"We're blowing away previous infrared surveys of nearby clusters," adds Hornschemeier. "Thanks to Spitzer, we can observe nearby clusters such as Coma very deeply in a short amount of time. The total observing time is comparable to just a few nights at a ground-based observatory."

Additional Coma dwarf galaxies might be lurking in the Spitzer data, but more follow-up work is needed to determine how many. Hornschemeier and other astronomers are currently making deeper spectroscopic measurements with the 6.5-meter (21 foot) telescope of the MMT Observatory in Arizona, and the 10-meter (32 foot) Keck telescope in Hawaii, to find out how many of the faintest objects belong to the Coma cluster.


Source: NASA/Goddard Space Flight Center

Explore further: Possible bright supernova lights up spiral galaxy M61

add to favorites email to friend print save as pdf

Related Stories

Caterpillar comet poses for pictures en route to Mars

Sep 01, 2014

Now that's pure gorgeous. As Comet C/2013 A1 Siding Spring sidles towards its October 19th encounter with Mars, it's passing a trio of sumptuous deep sky objects near the south celestial pole this week. ...

Clues to the growth of the colossus in Coma

Sep 19, 2013

A team of astronomers has discovered enormous arms of hot gas in the Coma cluster of galaxies by using NASA's Chandra X-ray Observatory and ESA's XMM-Newton. These features, which span at least half a million ...

Hubble's sweeping view of the Coma Galaxy Cluster

Jun 10, 2008

Hubble's Advanced Camera for Surveys has observed a large portion of the Coma Cluster, stretching across several million light-years. The entire cluster is more than 20 million light-years in diameter, is ...

Merging galaxies illuminate the cosmic food chain

Jul 01, 2014

(Phys.org) —Scientists studying a 'twin' of the Milky Way have used the W. M. Keck Observatory and Subaru Observatory to accurately model how it is swallowing another, smaller galaxy. Their findings have ...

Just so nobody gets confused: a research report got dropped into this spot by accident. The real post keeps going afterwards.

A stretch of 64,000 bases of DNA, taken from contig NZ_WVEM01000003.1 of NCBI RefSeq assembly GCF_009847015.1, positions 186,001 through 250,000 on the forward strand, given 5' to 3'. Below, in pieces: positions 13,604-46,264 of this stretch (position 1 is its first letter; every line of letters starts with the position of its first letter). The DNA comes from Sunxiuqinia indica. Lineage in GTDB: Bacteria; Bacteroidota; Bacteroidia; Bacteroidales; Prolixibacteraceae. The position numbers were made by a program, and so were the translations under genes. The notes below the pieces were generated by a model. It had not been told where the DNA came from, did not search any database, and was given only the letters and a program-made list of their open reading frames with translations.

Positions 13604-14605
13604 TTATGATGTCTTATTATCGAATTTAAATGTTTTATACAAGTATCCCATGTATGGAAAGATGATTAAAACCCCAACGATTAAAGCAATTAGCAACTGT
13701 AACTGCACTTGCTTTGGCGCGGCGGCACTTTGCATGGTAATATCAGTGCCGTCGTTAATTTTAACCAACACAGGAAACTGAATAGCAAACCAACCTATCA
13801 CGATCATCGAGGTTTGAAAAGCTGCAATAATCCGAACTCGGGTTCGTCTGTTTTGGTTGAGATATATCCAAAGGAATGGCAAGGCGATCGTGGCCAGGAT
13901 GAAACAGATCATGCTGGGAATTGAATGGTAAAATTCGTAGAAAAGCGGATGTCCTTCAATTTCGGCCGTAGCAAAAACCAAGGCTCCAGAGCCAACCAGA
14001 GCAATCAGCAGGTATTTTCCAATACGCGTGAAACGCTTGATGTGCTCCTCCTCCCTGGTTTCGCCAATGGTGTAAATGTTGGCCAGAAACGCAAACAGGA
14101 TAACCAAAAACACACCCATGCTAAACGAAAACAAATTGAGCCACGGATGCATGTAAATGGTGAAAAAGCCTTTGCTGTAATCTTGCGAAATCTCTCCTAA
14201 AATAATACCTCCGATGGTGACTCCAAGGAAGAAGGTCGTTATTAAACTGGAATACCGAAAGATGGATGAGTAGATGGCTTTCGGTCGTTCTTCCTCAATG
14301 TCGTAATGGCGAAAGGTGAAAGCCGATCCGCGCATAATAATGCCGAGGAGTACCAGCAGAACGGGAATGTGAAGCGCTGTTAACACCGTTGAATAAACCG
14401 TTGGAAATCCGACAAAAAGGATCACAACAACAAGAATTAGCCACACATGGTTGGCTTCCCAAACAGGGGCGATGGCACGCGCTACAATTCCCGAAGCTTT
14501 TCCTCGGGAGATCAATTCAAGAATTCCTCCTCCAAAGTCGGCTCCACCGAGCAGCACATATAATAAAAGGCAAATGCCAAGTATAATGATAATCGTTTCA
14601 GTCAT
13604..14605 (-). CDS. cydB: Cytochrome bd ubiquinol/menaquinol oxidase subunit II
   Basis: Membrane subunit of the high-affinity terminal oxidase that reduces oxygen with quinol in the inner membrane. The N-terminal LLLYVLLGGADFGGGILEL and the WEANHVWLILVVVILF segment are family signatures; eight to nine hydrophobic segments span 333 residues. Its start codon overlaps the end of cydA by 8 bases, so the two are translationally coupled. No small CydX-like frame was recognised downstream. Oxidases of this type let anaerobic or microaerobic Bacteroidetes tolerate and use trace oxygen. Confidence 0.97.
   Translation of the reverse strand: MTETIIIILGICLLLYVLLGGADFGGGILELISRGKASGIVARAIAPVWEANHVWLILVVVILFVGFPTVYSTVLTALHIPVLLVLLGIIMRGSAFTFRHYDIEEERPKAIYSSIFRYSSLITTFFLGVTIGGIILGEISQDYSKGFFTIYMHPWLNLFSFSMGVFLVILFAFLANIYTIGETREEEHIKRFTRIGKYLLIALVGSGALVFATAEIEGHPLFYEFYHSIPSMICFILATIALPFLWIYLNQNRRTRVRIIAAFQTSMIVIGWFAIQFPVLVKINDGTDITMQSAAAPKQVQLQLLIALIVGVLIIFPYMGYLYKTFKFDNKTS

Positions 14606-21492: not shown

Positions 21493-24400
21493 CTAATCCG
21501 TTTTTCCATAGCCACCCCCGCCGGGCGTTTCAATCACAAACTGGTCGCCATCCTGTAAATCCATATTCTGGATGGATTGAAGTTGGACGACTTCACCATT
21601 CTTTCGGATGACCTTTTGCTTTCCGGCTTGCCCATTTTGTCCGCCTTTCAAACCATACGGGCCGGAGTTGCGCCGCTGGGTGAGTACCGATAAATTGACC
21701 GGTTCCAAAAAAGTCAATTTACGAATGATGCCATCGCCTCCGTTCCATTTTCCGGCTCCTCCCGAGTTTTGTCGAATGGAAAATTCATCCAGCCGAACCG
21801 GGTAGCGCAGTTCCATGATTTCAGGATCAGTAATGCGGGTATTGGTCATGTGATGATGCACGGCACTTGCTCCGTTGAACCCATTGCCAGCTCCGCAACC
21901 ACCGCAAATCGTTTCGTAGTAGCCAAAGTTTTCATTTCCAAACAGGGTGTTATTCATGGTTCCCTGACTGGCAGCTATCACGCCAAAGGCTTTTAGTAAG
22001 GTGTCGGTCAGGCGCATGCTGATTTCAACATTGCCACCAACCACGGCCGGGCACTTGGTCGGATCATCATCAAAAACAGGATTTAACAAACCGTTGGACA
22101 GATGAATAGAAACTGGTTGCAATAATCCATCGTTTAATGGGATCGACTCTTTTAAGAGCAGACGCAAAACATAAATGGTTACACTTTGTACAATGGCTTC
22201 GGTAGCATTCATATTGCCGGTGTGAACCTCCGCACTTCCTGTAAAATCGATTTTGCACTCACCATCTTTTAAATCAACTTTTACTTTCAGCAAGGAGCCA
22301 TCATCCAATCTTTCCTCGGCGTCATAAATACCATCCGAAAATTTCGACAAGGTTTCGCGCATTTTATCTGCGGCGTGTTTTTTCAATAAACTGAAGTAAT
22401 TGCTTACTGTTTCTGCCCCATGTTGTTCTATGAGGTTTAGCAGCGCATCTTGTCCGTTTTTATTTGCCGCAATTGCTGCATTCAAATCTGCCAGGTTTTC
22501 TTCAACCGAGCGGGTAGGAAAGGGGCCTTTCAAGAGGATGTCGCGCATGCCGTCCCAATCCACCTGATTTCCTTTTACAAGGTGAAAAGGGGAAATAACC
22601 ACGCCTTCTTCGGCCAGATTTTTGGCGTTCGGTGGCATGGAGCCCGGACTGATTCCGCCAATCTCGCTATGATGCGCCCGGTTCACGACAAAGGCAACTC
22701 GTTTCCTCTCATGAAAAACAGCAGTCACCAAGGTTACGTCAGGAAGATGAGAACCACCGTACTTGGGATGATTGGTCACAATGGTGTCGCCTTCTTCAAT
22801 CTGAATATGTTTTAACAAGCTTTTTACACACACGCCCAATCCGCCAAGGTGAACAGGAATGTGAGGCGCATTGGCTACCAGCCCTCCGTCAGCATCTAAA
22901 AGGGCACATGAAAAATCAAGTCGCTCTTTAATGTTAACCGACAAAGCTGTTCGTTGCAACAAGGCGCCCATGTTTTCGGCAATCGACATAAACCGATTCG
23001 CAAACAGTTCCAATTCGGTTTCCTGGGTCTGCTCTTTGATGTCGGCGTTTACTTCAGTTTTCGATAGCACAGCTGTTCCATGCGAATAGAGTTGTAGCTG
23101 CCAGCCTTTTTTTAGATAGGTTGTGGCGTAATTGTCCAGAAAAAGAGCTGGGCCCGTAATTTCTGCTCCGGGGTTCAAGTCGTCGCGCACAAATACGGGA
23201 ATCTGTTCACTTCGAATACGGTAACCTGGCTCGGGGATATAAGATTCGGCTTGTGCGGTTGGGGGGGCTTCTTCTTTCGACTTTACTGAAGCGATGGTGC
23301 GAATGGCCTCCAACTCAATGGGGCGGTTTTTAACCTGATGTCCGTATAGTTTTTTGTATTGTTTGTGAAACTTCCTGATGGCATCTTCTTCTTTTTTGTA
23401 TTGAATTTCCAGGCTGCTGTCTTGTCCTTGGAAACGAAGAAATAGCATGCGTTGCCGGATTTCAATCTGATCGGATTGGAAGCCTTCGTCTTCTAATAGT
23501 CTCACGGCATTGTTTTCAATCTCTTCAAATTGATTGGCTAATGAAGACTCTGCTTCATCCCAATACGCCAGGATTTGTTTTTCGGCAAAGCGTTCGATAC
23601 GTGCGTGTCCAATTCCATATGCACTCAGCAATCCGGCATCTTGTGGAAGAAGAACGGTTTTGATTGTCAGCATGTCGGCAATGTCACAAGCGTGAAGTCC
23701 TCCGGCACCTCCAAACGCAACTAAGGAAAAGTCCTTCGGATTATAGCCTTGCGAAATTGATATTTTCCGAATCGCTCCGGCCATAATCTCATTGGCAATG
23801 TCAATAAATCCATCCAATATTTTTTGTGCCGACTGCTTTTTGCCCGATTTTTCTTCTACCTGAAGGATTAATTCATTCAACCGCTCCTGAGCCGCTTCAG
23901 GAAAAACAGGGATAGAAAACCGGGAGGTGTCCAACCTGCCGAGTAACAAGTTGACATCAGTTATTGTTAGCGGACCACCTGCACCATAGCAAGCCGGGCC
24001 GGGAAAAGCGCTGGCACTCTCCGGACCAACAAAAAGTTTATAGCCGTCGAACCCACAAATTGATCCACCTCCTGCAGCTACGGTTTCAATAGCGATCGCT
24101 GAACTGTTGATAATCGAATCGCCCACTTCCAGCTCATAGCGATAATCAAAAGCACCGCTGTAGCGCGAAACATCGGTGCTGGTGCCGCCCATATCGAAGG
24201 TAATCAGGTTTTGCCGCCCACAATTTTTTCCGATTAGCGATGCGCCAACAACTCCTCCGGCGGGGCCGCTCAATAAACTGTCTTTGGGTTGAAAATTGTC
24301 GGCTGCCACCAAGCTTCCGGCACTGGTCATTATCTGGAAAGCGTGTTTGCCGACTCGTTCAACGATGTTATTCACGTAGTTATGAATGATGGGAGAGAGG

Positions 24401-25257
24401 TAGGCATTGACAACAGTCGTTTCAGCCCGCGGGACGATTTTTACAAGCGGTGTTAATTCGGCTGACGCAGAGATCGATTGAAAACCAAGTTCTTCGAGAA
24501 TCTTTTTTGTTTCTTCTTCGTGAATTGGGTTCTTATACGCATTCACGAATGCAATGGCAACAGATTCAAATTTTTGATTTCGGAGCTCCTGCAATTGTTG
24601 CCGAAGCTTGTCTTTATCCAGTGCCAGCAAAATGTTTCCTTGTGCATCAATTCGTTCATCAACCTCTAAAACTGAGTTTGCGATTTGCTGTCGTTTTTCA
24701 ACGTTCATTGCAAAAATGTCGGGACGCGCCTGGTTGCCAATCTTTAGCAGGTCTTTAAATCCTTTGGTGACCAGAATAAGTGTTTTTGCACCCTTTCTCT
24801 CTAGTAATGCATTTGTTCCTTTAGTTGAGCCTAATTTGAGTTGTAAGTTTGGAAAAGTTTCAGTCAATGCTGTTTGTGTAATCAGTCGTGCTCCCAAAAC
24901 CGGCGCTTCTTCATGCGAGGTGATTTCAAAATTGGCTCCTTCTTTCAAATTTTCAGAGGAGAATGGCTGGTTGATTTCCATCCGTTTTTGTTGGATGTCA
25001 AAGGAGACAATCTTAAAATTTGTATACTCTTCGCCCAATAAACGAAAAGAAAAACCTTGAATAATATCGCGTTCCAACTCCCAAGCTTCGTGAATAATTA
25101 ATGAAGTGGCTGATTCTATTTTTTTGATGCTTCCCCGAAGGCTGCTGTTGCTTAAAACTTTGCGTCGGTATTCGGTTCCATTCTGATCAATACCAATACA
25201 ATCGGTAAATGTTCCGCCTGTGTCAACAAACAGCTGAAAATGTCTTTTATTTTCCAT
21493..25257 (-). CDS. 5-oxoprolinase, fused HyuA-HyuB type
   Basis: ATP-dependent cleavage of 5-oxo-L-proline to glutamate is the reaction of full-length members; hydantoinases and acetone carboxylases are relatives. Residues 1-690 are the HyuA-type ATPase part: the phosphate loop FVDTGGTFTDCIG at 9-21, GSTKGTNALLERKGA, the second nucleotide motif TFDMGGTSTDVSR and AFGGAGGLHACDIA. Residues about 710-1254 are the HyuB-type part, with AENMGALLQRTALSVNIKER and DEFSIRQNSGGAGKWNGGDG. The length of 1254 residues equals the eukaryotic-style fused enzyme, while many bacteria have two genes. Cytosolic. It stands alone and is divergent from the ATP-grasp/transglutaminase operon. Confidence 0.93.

Cosmic giants shed new light on dark matter

Jun 13, 2013

(Phys.org) —Astronomers at the University of Birmingham (UK), Academica Sinica in Taiwan, and the Kavli Institute of Physics and Mathematics of the Universe in Japan, have found new evidence that the mysterious ...

Rare case of gravitational lensing reported (Update)

Jun 26, 2012

(Phys.org) -- Seeing is believing, except when you don't believe what you see. Astronomers using NASA's Hubble Space Telescope have found a puzzling arc of light behind an extremely massive cluster of galaxies ...

Recommended for you

Possible bright supernova lights up spiral galaxy M61

19 hours ago

I sat straight up in my seat when I learned of the discovery of a possible new supernova in the bright Virgo galaxy M61. Since bright usually means close, this newly exploding star may soon become visible ...

Fifteen years of NASA's Chandra X-ray observatory

20 hours ago

This Chandra X-ray Observatory image of the Hydra A galaxy cluster was taken on Oct. 30, 1999, with the Advanced CCD Imaging Spectrometer (ACIS) in an observation that lasted about six hours.

Confirming a 3-D structural view of a quasar outflow

20 hours ago

A team of astronomers have observed a distant gravitationally-lensed quasar (i.e., an active galactic nucleus) with the Subaru Telescope and concluded that the data indeed present a 3-D view of the structure ...

Hubble sees 'ghost light' from dead galaxies

Oct 30, 2014

(Phys.org) —NASA's Hubble Space Telescope has picked up the faint, ghostly glow of stars ejected from ancient galaxies that were gravitationally ripped apart several billion years ago. The mayhem happened ...

When did galaxies settle down?

Oct 30, 2014

Astronomers have long sought to understand exactly how the universe evolved from its earliest history to the cosmos we see around us in the present day. In particular, the way that galaxies form and develop ...

User comments : 0

Please sign in to add a comment. Registration is free, and takes less than a minute. Read more

Click here to reset your password.
Sign in to get notified via email when new comments are made.